Accepted Paper:

The influence of data practices on the relationship between civil society organisations and their audiences  


Amber Macintyre (Royal Holloway, University of London)

Paper short abstract:

This paper presents an ethnography exploring the influence of data practices on a civil society organisation’s internal practices. The findings show divergent approaches to using personal data based on two initial starting points: the team and the individual’s perceived role of the audience.

Paper long abstract:

The influence of data practices, particularly those involving personal data, provides opportunities and challenges for how civil society organisations form relationships with their audiences. On one hand, the use of data can have substantial effects for listening to people, reaching new groups and mobilising audiences at the right time to create social change. On the other, embracing these data practices can lead to problematic assumptions about how to create and monitor relationships as documented in critical reviews of profiling, microtargeting and privacy.To address this tension, more empirical understanding is needed of what data practices exist and how they are approached. This paper presents the findings of an ethnography in a civil society organisation answering the following two questions:How do staff within the organisation engage with new data practices? How does the organisation's relationship with members impact their use of data?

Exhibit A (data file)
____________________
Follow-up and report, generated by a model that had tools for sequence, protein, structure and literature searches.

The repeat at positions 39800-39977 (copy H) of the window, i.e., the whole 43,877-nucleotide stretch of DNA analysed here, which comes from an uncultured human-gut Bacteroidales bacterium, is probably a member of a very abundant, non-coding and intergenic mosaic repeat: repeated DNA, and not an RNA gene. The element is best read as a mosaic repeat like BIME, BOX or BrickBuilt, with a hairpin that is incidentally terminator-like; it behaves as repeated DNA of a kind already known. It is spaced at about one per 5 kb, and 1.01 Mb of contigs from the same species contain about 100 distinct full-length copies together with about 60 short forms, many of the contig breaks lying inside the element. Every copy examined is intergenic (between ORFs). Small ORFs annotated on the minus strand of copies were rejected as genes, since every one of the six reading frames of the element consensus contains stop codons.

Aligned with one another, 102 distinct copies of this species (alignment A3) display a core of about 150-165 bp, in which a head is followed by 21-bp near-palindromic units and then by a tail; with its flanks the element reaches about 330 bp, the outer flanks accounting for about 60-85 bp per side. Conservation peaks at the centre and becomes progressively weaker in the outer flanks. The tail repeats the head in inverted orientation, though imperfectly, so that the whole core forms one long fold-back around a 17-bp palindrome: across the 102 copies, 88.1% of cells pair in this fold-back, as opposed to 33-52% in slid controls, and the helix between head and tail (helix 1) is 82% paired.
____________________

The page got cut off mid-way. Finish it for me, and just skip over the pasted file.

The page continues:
Respectively, the findings show that firstly, the relationship to data practices differs greatly across different teams and secondly, the approach to data is caught in a familiar tension in civil society organisations between the importance of experts and the role of broader membership movements.

Panel E07
After data activism: reactions to civil society's engagement with data